We oppose any action that criminalises consensual gay sex: US

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We oppose any action that criminalises consensual gay sex: US

An Indian gay-rights activist takes part in a protest against the Supreme Court ruling reinstating a ban on gay sex in Kolkata
Photo credit: AFP

Washington:  Expressing concern over the Indian Supreme Court verdict which ruled that gay sex is illegal, the US has said that it is opposed to any action that criminalises consensual gay sex between two adults.

"We oppose any action that criminalises consensual same-sex conduct between adults. LGBT rights are human rights. We call on all governments to advance equality for LGBT individuals around the world," State Department spokesperson Jen Psaki said yesterday.

"We are in regular touch about these issues and others with India. I don't have anything specific to read out for you in terms of future meetings or conversations about this," she said.

Responding to a question, Psaki said it is for the Indian Government to take a decision or any steps it wants to take to protect the rights of the gay and lesbian community after the Supreme Court order in this regard.

"That's a decision that the Indian government would make. We obviously don't make decisions on behalf of other governments and their legislation. So I expressed our deep concern about any efforts around the world to not recognize that LGBT rights are human rights and that's a message we'll continue to convey," she said.

Meanwhile, a top American LGBT organisation has joined hands with their Indian counterpart in opposing the latest verdict of the Supreme Court, which rules gay sex illegal.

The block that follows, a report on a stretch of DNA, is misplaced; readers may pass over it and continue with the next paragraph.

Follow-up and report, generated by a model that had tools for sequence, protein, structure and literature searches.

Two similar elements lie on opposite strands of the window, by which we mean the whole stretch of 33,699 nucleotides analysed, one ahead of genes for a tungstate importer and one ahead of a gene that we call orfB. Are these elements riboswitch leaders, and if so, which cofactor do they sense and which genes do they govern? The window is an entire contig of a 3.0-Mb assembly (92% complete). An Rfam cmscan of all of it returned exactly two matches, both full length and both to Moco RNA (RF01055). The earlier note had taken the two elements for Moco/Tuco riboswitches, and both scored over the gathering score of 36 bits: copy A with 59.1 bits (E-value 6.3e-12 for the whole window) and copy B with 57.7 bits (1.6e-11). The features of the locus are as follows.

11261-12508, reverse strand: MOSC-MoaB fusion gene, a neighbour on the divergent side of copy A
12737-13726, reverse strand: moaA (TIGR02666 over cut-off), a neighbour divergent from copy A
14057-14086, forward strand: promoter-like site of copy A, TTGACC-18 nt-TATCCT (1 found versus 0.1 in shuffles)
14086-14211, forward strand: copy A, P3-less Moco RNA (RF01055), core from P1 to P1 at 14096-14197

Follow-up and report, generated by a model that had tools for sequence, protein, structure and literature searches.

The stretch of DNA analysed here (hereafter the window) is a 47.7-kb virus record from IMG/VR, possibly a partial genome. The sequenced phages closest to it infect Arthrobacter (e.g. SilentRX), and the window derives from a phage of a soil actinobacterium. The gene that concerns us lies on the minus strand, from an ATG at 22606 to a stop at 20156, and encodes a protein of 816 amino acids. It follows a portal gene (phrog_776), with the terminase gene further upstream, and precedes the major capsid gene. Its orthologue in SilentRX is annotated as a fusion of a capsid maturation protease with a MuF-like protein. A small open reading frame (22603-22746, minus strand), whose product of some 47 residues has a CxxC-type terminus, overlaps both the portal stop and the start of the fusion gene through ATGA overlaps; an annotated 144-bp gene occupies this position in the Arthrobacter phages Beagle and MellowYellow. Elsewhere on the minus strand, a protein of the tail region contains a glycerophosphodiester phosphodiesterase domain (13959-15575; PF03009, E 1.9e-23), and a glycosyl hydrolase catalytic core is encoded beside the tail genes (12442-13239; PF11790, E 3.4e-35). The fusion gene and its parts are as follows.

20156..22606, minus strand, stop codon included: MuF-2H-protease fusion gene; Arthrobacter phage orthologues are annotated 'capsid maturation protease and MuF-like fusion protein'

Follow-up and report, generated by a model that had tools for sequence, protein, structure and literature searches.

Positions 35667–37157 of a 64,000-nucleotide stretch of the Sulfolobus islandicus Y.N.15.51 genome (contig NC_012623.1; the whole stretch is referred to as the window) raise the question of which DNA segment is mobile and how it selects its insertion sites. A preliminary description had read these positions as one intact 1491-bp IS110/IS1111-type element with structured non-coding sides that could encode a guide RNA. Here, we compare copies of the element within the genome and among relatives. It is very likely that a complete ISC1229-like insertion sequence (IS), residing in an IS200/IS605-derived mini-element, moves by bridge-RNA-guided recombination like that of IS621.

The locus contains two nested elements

"This is a sad day for India and for the world," said Joe Mirabella, Director of Communications for All Out, a top American LGBT organisation, which has a membership of more than one million.

"No one should have to go to jail because of who they are or who they love. We stand in solidarity with India's human rights community," she said.

India's Supreme Court overturned a lower court ruling from 2009 that decriminalised the love between two men. Now, gays could once again face prosecution under section 377, which makes it illegal to perform 'unnatural offences'. People found guilty of violating section 377 could face 10 years in prison, it said.

"Sadly this ruling now brings the total number of countries that make it a crime to be gay, lesbian, bi, or trans from 76 to 77," Mirabella said. "It is essential that we bring that number to zero. No person should have to sacrifice their family or freedom, safety or dignity, because of who they are or who they love," she said.

India faces an election in May, making the political climate for a legislative change in the near future more difficult, All Out added.



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